We then skipped ahead to one of Oblivion's all-new procedurally rendered forests, which model huge and lush woodlands composed of rows of trees, bushes, and grass growing organically around hillsides and rock formations. According to Howard, several members of the development team consulted with the University of Maryland's ecology department to determine how to create forests without requiring artists to painstakingly add each item. And yet, to make sure players don't get lost in the woods (the game is currently planned to include about 16-square miles' worth of areas to explore, about half of which will be forest), you'll also have an enhanced compass that will automatically pick up any points of interest, such as a nearby dungeon built on an elven ruin. Unfortunately for us, the ruin was guarded by a heavily armored soldier who came charging at us, broadsword bared. We dispatched the soldier using the game's new first-person combat system and our own longsword, alternately hiding behind our footman's shield and taking swings at the enemy. In melee combat, you'll have at least two primary attacks: a quick attack executed by tapping your attack button and a heavy attack executed by pressing and holding your attack button. You'll perform different types of attacks and combinations depending on your character's level of skill with that melee weapon, and like with Morrowind, your character's skills will increase with repeated use. According to Howard, the combat system is intended to be fast-paced and kinetic, so you'll also see plenty of blood fly in battle as well.

We then skipped ahead to the dungeon, a dank, stony confine inhabited by shambling, one-armed zombies and skeletal warriors. These undead denizens weren't the only threat in the dungeon. We watched several new and highly appropriate traps in action, such as a sliding grate door embedded with spikes that came hurtling toward us, which we managed to sidestep on its first pass and then watched as it tore through a pair of skeletal warriors on the rebound. Later, we watched another dungeon crawl in which we used the enhanced stealth system (which includes an eye-shaped icon onscreen when you have successfully hidden yourself) to make exceptionally lethal shots with a bow. We also saw a demonstration of the game's physics as we crept up on a pair of goblins standing near a pile of food and a hidden trap. We picked up a nearby pumpkin and tossed it at a few mooring lines that were actually holding back several spiked weights mounted on ropes from the ceiling. The weights came swinging down and sent the goblins flying.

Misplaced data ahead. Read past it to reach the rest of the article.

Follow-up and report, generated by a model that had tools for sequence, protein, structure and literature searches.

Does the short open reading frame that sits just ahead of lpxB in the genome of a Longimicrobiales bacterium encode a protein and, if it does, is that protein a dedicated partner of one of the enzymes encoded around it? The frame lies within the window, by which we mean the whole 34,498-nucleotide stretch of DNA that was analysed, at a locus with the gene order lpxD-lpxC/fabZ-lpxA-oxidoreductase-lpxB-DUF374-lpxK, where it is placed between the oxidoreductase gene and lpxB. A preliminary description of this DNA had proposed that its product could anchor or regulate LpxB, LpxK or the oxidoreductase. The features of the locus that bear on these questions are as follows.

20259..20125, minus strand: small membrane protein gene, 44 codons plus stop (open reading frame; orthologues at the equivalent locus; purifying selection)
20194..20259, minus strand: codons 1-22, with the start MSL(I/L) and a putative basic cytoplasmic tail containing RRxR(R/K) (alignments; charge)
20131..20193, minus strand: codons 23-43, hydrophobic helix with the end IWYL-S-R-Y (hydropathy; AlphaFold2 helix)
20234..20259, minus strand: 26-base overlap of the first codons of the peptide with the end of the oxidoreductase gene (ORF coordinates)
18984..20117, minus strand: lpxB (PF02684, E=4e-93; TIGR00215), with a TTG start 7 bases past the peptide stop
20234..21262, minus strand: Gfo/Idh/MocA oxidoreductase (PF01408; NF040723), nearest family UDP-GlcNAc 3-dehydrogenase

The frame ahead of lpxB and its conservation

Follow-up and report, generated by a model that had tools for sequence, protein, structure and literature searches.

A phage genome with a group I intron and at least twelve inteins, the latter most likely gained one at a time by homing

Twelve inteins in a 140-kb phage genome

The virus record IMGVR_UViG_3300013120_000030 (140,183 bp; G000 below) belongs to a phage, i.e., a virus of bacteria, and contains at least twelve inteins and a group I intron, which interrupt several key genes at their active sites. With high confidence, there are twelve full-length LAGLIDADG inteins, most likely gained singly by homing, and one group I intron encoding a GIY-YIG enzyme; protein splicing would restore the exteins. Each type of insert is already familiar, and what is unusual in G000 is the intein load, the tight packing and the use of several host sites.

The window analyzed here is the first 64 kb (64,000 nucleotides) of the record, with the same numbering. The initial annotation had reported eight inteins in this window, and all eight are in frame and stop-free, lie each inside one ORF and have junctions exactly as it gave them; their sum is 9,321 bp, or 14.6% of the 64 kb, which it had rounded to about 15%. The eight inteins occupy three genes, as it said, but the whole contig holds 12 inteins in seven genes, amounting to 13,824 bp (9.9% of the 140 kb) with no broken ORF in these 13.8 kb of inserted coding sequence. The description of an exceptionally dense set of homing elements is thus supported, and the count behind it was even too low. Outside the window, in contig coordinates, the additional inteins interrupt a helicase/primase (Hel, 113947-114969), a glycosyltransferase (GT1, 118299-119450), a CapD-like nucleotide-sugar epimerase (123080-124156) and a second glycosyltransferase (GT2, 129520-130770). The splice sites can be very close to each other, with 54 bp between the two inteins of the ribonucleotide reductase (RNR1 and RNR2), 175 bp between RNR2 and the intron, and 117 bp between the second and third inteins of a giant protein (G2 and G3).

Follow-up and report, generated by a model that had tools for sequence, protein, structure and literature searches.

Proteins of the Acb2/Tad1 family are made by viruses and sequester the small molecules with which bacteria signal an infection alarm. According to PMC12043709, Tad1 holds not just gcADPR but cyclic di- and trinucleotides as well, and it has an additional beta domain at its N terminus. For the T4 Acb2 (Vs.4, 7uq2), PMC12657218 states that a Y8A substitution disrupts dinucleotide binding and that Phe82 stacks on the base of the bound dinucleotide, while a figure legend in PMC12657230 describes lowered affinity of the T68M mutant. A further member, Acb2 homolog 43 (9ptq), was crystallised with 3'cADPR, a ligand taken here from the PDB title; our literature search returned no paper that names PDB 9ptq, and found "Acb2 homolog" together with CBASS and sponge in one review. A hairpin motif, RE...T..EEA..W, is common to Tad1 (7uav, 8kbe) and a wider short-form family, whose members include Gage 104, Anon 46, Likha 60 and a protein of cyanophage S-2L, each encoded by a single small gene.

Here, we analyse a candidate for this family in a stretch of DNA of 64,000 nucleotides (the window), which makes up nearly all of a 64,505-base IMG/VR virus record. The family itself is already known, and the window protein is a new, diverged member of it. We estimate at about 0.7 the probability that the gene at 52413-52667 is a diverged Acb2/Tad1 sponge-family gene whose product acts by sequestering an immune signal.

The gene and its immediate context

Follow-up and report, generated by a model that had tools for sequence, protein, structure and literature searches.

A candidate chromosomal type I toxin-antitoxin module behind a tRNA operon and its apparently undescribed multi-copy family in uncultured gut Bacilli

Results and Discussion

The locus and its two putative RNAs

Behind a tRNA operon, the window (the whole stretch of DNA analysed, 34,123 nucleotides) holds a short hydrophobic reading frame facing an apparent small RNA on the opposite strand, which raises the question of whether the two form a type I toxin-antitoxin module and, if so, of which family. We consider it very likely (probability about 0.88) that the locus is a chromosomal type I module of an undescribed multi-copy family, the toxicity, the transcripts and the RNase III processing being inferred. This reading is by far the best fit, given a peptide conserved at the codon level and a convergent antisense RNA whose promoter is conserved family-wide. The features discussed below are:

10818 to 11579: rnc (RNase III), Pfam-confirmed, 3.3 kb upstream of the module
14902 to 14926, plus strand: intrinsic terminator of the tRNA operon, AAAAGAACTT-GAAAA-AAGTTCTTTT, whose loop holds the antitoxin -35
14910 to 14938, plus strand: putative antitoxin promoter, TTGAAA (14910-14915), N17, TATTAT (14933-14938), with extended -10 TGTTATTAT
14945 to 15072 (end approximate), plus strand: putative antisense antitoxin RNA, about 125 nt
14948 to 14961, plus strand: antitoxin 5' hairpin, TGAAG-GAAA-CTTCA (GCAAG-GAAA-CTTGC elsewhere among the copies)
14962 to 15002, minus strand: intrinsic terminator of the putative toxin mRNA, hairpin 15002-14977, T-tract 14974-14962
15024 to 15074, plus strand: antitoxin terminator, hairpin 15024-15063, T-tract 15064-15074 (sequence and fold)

We also had a chance to visit one of the game's towns, which featured medieval European architecture (stony buildings with thatched roofs), lined with cobblestone roads with patches of grass on the sides. We sidled up to a conversation between a human bard character and a dark elf wearing plate armor. The human bard related the dire news that a portal to Oblivion had opened in a nearby town, and monsters were pouring forth from it and slaughtering civilians. After overhearing this news, we had the attack itself added to our journal as a new dialogue topic, which we were then able to ask the bard about. This resulted in the addition of a new quest to our journal. According to Howard, this is the way you'll receive many of your quests in Oblivion, especially since you'll intercept many non-player characters going about their daily business, including having important conversations.